How we manage our environment

Although the direct environmental impact of operations at a corporate level is limited, the group monitors its use of energy, water and waste to reduce these responsibly. The environmental impact of restaurants and the supply chain is far greater, and the group uses its close partnerships to promote positive environmental practices with franchisees and suppliers.

The current reality

Managing resources carefully has become paramount, with particular constraints in South Africa in terms of water and electricity.

The effects of global warming are a major concern in the industry, as extreme climatic conditions, droughts, depletion of fishing resources and wildfires impact food production, the availability of locally sourced products and the increasing costs of manufacturing.

Continued use of non-renewable products has also become a critical aspect for businesses to manage in the face of increased consumer demands for more sustainable products.

Our brands are dependent on a continuous supply of inputs, such as meat, fish, clean water and energy. Red meat is a significant contributor to global environmental concerns, including climate change, pressure on water resources and deforestation for feed. Fish resources are under extreme pressure and sourcing sustainable seafood products has to be carefully managed.

Our response

The group has conducted an annual environmental evaluation of franchises for the last four years. This includes a restaurant visit to capture resource consumption data and an interview with the franchise representative.

The 2020 reporting period was postponed due to lockdown restrictions during COVID-19 until May 2021.

of restaurants
(2019: 92%)

The current top five environmental issues for the group are:


CO2e carbon emissions reduction


Effective waste management


Resource measurement & management


Sustainable consumption & production


Reduction of single-use packaging

1. CO2e carbon emissions reduction

The group conducts a carbon footprint evaluation every second year to monitor the group’s impact. As the last report was done in 2019, the new report was planned for 2021. However, due to the significant impact of COVID-19 on the group, this was postponed to 2022.

2. Effective waste management

The group’s focus remains on minimising waste and diverting waste from landfills through recycling and composting, actively promoting recycling and minimising the reliance on raw materials, as well as curbing pollution and leakage into the environment.

of waste at regional offices diverted from landfill

tonnes of materials being recycled

Used cooking oil is one of the key high-risk waste items produced through the group’s operations. The main objective is to ensure that spent oil is removed from the food chain to prevent unsafe re-use.

3. Resource measurement and management

The group continues to focus on the effective management of resources, especially in
South Africa where electricity and water constraints exist. Both electricity and water use decreased this year due to the impact of COVID-19 on operations. As we return to higher levels of activity, our usage is expected to increase.

Total energy use at regional
offices and facilities:

(2020: 1 027 MWh)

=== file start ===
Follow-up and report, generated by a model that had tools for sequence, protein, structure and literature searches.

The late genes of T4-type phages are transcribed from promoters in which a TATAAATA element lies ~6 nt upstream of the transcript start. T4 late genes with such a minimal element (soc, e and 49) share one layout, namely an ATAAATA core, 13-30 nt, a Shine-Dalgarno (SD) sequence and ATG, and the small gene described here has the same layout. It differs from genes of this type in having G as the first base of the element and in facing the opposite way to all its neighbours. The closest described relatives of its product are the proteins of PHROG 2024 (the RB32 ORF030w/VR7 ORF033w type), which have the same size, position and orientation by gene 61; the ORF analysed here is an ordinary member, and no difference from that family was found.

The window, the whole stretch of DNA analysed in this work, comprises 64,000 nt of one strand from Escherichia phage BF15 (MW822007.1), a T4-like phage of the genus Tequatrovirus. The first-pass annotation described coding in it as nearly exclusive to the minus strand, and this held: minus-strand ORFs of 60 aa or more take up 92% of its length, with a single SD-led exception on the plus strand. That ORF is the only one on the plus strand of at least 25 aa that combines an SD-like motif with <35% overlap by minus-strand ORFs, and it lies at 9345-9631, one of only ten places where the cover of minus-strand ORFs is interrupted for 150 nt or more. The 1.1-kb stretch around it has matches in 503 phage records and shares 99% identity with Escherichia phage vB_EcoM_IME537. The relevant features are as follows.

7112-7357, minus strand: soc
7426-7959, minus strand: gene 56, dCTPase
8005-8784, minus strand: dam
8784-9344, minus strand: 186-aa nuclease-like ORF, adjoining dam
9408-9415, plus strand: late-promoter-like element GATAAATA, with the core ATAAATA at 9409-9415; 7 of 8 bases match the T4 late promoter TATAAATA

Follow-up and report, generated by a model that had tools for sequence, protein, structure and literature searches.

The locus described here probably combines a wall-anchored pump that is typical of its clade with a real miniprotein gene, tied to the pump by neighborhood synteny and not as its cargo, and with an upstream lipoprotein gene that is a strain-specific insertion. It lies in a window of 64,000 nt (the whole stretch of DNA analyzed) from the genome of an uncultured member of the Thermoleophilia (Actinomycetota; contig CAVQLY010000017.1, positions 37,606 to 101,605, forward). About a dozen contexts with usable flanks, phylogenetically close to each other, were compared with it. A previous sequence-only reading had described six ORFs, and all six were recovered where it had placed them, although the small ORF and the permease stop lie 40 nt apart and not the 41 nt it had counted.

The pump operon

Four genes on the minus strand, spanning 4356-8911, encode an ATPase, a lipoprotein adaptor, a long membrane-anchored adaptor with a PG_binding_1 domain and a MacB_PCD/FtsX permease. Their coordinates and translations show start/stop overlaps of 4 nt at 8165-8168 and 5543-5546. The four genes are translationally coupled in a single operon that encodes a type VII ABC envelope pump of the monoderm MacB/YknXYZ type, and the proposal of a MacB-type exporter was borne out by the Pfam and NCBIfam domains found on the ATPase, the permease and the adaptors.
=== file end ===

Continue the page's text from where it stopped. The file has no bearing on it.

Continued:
The group’s manufacturing plant is responsible for 75% of the group’s water consumption. Regional offices have been fitted with water saving fixtures and fittings, with rainwater harvesting and water-wise plants where possible.

Water consumption – regional offices

(2020: 1 508 kilolitres)

Water consumption – facilities

(2020: 3 279 kilolitres)

4. Sustainable consumption and production

Supplier assessments are conducted to ensure ethical and environmentally responsible sourcing. Our outsourced logistics partner has an
ISO 14001-aligned environmental management programme and all three distribution hubs are ISO 14001 accredited.

The April 2020 roll-out to replace palm oil with soft oil was unfortunately not possible due to the severe impact of COVID-19, as well as the almost 20% increase in soft oil prices during the year. The group remains committed to removing palm oil as a deep- frying fat and will review the situation in early 2022.

3 359
kilolitres of oil were sold to franchisees
54% was palm oil

3 360
kilolitres of oil were sold to franchisees
60% was palm oil

The group, in particular John Dory’s, remains committed to procuring sustainable seafood products that are Marine Stewardship Council and Aquaculture Stewardship Council certified. The group’s restaurants and franchises are fully compliant with the SASSI “Seafood Promise” and do not procure or sell any species that are on the SASSI red list, or from fisheries that are not in a fish improvement project (FIP).

For restaurant use (shelled eggs for breakfast and baking), the majority of eggs procured by Spur franchisees is from smaller local suppliers, of which approximately 32% is cage free.

The group is also in the process of listing a centralised solution to accelerate the use of cage-free eggs.

5. Reduction of single-use packaging

The group has been working towards eradicating problematic plastics over the last few years and is a member of the SA Plastics Pact. As a member, we will continue to work with the organisation on the achievement of the set targets, which will include phasing out avoidable packaging, redesigning problematic and unnecessary plastic and working with suppliers to procure packaging from renewable sources.

The group will also continue to evaluate the optimal approach in terms of reusing, recycling or composting.

Balloon usage reduced

60 tonnes in 2017
3 tonnes in 2020
and being phased out

88% of packaging procured is made from renewable resources (2020: 69%)

Paper bags instead of plastic bags

tonnes in 2021
tonnes in 2020
Goal is to fully eliminate plastic bags by 2022

Plastic straws reduced from

tonnes in 2017 to
tonnes in 2019
Eliminated in 2019